by Frank Schnittger
Thu Jul 9th, 2009 at 05:18:39 AM EST
Lisbon Treaty referendum to be held on October 2nd - The Irish Times - Wed, Jul 08, 2009
The second referendum on the Lisbon Treaty is to be held on Friday, October 2nd, Taoiseach Brian Cowen told the Dáil today.
Roger Cole of the Peace and Neutrality Alliance said Irish people were being forced to vote again on exactly the same treaty they rejected last year. He accused the Government of rushing the legislation through the Dáil with no time given to debate the issue.
"The protocol proposed by the Fianna Fáil government changes absolutely nothing. Article 6.1 of the Irish Constitution states: All power of government, legislative, executive and judicial, derive, under God, from the people, whose right it is to designate the rulers of the state and, in final appeal, to decide all questions of national policy, according to the requirements of the common good."
"Therefore it must be open to question the constitutionality of forcing the people to vote again on exactly the same treaty since they have already given their final decision," he said.
Mr Cole is calling for a No vote in the referendum.
Chairman of the People's Movement, an anti-Lisbon treaty group, and former MEP Patricia McKenna said the Lisbon treaty was "not about EU membership".
"Whether we voted yes or no last time the economic crisis in Ireland would be the same," she said.
She accused the Government of conspiring with other EU Leaders to get the treaty ratified without any changes.
"Apart from the right of each Member state to hold on to their Commissioner, agreed without altering the Lisbon Treaty, nothing has changed within the text of the Lisbon Treaty itself since the last vote. The Government should be honest with the voters and tell them the truth instead of using propaganda and scare tactics about being at the heart of Europe," she said.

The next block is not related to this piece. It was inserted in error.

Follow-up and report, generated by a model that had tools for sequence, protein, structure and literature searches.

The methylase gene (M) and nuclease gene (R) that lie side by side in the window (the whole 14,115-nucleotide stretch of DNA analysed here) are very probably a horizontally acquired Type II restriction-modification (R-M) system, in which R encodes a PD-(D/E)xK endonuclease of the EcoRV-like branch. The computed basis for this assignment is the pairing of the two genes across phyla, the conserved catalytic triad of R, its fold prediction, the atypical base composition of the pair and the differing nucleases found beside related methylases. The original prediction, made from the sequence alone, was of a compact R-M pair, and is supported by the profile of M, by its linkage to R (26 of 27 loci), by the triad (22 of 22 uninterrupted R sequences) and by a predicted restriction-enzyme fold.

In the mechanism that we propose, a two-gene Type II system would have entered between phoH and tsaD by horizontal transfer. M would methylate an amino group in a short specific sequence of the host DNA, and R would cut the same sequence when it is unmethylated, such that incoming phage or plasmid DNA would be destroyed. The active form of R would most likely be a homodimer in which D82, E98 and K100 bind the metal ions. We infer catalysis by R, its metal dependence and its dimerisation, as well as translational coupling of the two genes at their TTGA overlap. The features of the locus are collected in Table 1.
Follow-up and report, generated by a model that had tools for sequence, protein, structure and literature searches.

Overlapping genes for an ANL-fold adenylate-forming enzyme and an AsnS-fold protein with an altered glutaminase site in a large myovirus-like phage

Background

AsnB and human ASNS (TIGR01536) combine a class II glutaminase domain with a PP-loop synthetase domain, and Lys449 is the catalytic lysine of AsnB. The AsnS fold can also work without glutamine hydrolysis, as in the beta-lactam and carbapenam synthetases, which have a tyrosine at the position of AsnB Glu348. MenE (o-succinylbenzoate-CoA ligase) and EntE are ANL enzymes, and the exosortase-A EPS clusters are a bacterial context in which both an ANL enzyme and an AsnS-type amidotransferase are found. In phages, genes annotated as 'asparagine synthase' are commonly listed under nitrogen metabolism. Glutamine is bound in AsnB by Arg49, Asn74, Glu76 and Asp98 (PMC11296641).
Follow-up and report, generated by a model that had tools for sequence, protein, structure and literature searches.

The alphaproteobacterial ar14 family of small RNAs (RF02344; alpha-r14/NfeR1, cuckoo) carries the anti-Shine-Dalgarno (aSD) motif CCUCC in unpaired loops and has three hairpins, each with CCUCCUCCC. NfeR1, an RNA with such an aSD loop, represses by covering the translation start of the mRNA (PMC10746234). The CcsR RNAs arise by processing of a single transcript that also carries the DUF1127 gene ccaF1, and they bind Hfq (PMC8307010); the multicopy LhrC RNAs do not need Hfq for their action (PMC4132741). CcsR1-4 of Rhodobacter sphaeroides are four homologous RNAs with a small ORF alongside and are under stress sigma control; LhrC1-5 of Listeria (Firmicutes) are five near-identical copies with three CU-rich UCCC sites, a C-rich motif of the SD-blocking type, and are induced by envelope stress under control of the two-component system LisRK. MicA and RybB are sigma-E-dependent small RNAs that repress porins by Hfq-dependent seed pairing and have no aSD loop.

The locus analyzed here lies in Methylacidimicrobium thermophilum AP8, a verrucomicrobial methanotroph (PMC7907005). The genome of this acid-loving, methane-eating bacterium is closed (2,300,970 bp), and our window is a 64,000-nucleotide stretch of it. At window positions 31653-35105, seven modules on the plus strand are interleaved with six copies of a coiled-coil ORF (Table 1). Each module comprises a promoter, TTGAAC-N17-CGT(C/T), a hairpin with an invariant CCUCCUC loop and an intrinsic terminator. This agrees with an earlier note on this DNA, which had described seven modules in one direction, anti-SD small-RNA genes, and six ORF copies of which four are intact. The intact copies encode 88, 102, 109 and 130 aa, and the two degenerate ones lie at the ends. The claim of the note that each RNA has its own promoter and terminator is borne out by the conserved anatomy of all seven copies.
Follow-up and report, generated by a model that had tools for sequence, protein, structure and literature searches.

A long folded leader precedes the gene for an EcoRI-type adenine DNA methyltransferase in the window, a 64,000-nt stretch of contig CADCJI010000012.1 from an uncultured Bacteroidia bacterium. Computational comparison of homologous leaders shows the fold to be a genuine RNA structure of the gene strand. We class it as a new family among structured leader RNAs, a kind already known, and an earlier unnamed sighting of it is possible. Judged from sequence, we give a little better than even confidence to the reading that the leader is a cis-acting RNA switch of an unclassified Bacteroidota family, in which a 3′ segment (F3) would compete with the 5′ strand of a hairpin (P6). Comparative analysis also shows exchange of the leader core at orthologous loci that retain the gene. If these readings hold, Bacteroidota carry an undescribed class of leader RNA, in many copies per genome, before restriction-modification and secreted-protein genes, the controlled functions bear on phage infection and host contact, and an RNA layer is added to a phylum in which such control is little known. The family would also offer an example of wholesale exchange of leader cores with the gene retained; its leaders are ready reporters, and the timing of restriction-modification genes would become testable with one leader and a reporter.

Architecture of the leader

Oh Dear. Surely the NO campaign can come up with better reasons for voting NO than the fact that we are being asked to vote on the same treaty twice. We kind of already know that. As for rushing the debate in the Dail, the issue of Lisbon has been debated ad nauseam for the past 15 months. And without Lisbon, there absolutely will be a reduction in the number of Commissioners (as required under Nice), so how is this not relevant?
However it is relevant to ask whether "the economic crisis in Ireland would be the same" regardless of the Lisbon vote. Would Lisbon have made a difference? The answer to this question is probably yes and no.
Promoted by afew
Yes because an awful lot of political energy has been expended at EU level on the Constitutional and Lisbon Treaties, and the failure to make any progress on institutional reform has resulted in a collective loss of confidence and momentum, put a halt to enlargement, and generally distracted EU leaders from other issues. A large part of Ireland's sales pitch for foreign direct investment (a key part of past economic success) has been our claim to be at the heart of a dynamic European Project. The creation of a new post of President of the Council should in time lead to greater coherence and continuity in EU policy formulation and cooperation.
No, because the Lisbon Treaty is a long term project and really isn't about giving the EU a greater role in bank regulation, economic development, and the national fiscal and budget management process. Home grown property bubbles are still going to have to be tackled by national Governments.
But you can't have it both ways - claiming on the one hand that Lisbon is an unnecessary and intrusive restriction on national Sovereignty - and then complaining that it wouldn't have made any difference to the greatest economic crisis faced by Europe in 80 years. Lisbon is either a significant milestone in the development of the EU, or it is not, and it cannot be judged by what it might or might not have contributed over a few months had it been ratified last year.
Roger Cole's evocation of the reference to God in the Irish constitution is perhaps a clearer indication of what this is all about as far as he is concerned. Godless Europe is tightening its grip on the island of Saints and Scholars.
However the other major change in Ireland over the past year is the publications of the Ryan Report into institutionalised child abuse in church run institutions. The incorporation of the CHARTER OF FUNDAMENTAL RIGHTS OF THE EUROPEAN UNION into EU law certainly would help to secure children's rights (Article 24) going forward.
Narcissism and Xenophobia are a dangerous combination in any political culture. But rarely has there been a more ahistorical, unrealistic and inconsistent view of what Ireland outside the EU was really like.
But Ireland has also made major contributions to the development of international law, the UN, peace keeping and third world development. It's time we stopped looking inward to a past that never was and continued our tradition of making a contribution to the development of the EU as a whole. At least the requirement to receive a popular mandate for the Treaty has resulted in a better informed demos and a more concerted Government effort to inform the debate as demonstrated by the latest Government Lisbon Treaty website.